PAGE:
No surprise, then, that here in 2016 we have just witnessed the first beauty contest judged by AI, as a jury of decidedly non-human bots picked out what they considered to be the best-looking people from a dataset of 6,000 entries.
“New tools like machine learning let us analyze images in a way that was never available to us before,” Anastasia Georgievskaya, co-founder and research scientist at Youth Laboratories, the company behind Beauty.AI, told Digital Trends. “Our goal was to investigate methods that would show new approaches to beauty evaluation.”
Beauty.AI’s contest offered participants the ability to, “Be the First Beauty Queen or King Judged By Robots.” Individuals from 119 different countries — the most popular entry locations being Russia, the U.S., India, Germany and Italy — sent in makeup-free selfies via a dedicated iOS or Android app, which were then studiously analyzed by a variety of algorithms; all modeling some aspect of what the company considers to be the biomarkers of beauty.
There were five algorithms in total. One called RYNKL carried out wrinkle detection on faces. Another, PIMPL, looked at pimples and other dermatological issues: described somewhat unflatteringly in the literature as, “advanced blob detection with or without filtering.” The third algorithm looked at how symmetrical faces appeared, while the fourth analyzed real age and perceived age to see if people looked old beyond their years. The fifth and final algorithm compared faces with actors and models from an extensive database.
Unlike many beauty contests, this competition was open to individuals from all over the world and of any age range. “We think our contest is more fair than usual beauty contests, where only pretty women between the ages of 20-30 participate,” Anastasia said. “We think people are beautiful at every age, so why not have a beauty contest for all age groups.”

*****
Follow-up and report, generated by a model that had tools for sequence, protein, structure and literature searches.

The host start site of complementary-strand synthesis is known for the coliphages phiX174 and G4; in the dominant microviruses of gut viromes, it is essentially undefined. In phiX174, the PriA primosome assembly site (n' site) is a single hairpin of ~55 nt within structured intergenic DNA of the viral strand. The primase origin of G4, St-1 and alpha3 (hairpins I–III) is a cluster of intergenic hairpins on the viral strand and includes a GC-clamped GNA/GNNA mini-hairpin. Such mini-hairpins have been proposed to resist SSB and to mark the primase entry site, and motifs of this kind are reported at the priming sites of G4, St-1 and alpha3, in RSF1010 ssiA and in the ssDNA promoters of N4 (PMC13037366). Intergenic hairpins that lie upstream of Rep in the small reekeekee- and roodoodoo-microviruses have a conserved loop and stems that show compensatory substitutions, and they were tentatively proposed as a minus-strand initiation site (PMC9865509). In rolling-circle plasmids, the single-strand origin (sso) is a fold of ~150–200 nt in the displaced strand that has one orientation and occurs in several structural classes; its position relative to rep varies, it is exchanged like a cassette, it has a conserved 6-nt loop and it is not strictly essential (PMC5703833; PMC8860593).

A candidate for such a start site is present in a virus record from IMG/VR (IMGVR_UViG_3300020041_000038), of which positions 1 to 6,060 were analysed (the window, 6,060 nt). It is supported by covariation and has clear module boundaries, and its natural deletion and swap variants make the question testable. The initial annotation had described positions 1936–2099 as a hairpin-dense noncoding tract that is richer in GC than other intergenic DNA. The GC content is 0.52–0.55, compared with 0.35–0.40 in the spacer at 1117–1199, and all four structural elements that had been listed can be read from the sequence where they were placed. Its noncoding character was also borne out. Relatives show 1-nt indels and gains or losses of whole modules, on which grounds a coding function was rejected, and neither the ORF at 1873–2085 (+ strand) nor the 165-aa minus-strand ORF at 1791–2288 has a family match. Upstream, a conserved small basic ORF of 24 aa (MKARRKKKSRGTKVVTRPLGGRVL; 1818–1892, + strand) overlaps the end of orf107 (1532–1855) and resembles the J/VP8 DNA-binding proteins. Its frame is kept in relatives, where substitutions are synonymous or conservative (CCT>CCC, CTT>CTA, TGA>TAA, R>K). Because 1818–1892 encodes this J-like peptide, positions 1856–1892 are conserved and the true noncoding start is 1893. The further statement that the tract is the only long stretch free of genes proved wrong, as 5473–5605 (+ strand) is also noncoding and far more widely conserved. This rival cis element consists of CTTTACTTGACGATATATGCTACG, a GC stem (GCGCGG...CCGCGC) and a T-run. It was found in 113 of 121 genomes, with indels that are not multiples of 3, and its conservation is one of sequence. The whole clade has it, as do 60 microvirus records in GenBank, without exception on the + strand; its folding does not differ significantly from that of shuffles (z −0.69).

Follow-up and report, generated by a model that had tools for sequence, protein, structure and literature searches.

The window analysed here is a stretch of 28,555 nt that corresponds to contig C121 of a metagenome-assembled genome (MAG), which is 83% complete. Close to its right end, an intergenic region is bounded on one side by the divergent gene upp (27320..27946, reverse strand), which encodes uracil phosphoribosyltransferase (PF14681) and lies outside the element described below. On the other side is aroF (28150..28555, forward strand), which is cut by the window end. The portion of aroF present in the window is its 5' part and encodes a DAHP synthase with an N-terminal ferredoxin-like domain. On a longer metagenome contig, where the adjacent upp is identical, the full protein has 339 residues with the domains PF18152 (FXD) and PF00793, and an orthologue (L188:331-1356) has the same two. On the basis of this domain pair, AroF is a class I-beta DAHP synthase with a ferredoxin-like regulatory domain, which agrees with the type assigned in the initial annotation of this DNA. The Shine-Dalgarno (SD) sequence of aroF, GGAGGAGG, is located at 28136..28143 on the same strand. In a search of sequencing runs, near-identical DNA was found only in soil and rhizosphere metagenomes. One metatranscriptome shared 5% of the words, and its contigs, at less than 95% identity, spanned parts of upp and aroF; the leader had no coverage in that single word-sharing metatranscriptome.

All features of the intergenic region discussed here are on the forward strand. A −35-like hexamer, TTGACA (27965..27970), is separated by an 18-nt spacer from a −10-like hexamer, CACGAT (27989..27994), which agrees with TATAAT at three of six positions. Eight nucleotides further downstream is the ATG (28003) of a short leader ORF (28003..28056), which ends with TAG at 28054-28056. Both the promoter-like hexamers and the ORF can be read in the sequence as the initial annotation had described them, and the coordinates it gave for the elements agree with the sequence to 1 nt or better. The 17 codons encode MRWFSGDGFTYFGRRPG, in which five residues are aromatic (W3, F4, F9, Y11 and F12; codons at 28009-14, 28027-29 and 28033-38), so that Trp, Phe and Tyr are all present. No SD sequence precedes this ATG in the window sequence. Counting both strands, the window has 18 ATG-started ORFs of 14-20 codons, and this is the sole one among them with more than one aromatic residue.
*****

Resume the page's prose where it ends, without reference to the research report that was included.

To see the breakdown of winners in every category, you can check out the full list here.
Interestingly, Anastasia noted that there were strong disagreements from many humans when the AI revealed its top ranking boards. Just like the topic of whether or not machines can be creative, it seems that AI’s opinions on humanity’s best-looking representatives is another strongly emotive topic.
“Not everyone likes the winners that have been chosen,” Anastasia admitted.
But she feels that, like the fear people had in the 1970s about bringing computers into their homes, this is just another example of the new. “The way we view it, they haven’t got used to it yet,” she continued. “But we don’t think it’s something we should stop. We should build more algorithms to make it even more accurate. That’s why we advise people to keep on entering. Every time we will have more information about how the robots evaluated you, and what they think about the condition of your face.”
One possible reason for people’s fiery response to the outcome is because Beauty.AI’s contest doesn’t take into account the intrinsically subjective nature of beauty. Data from internet dating sites like OkCupid has laid out just how much our view of who is or isn’t beautiful varies from person to person. One might also logically expect it to vary depending on where you look in the world, which is certainly backed up by analysis of idealized body images.
The same could be true for differences in gender, where a young, wrinkle-free person might not be the beauty ideal across both male and female wishlists. For now at least, Beauty.AI sidesteps all of this. Like Henry Ford’s Model T motorcar, available in whichever color you want so long as it’s black, everyone is held to the same beauty standards.
But this is where the other part of Youth Laboratories’ mission comes into play. While it’s using AI beauty contests to grab people’s attention — and possibly to bolster its dataset of images — what the team behind it is really interested in is analyzing photos for health-related insights.
“For example, if the algorithms think you are much older than you actually are, you should consider changing your lifestyle,” Anastasia noted, describing the goal going forwards. “Such indications could be helpful in advising people to visit a doctor, to check that everything is alright, and [to pay] more attention to your health. As we add more algorithms, people will be able to get even more data.”
In other words, what seems a fairly frivolous, albeit interesting, example of image recognition today could have a significant impact tomorrow. Or several years from now, at least.
Having had great success with the first installment, the plan is for these beauty contests to run every four months — with the next one taking place in October. For this, Beauty.AI isn’t just asking for selfie submissions, but also for developers to submit new algorithms to help with the beauty quantifying challenge.
Will there be more agreement as to the winners next time? Who knows, but Anastasia probably isn’t wrong when she told us that, “Everyone is a bit curious about what a robot thinks of them.”
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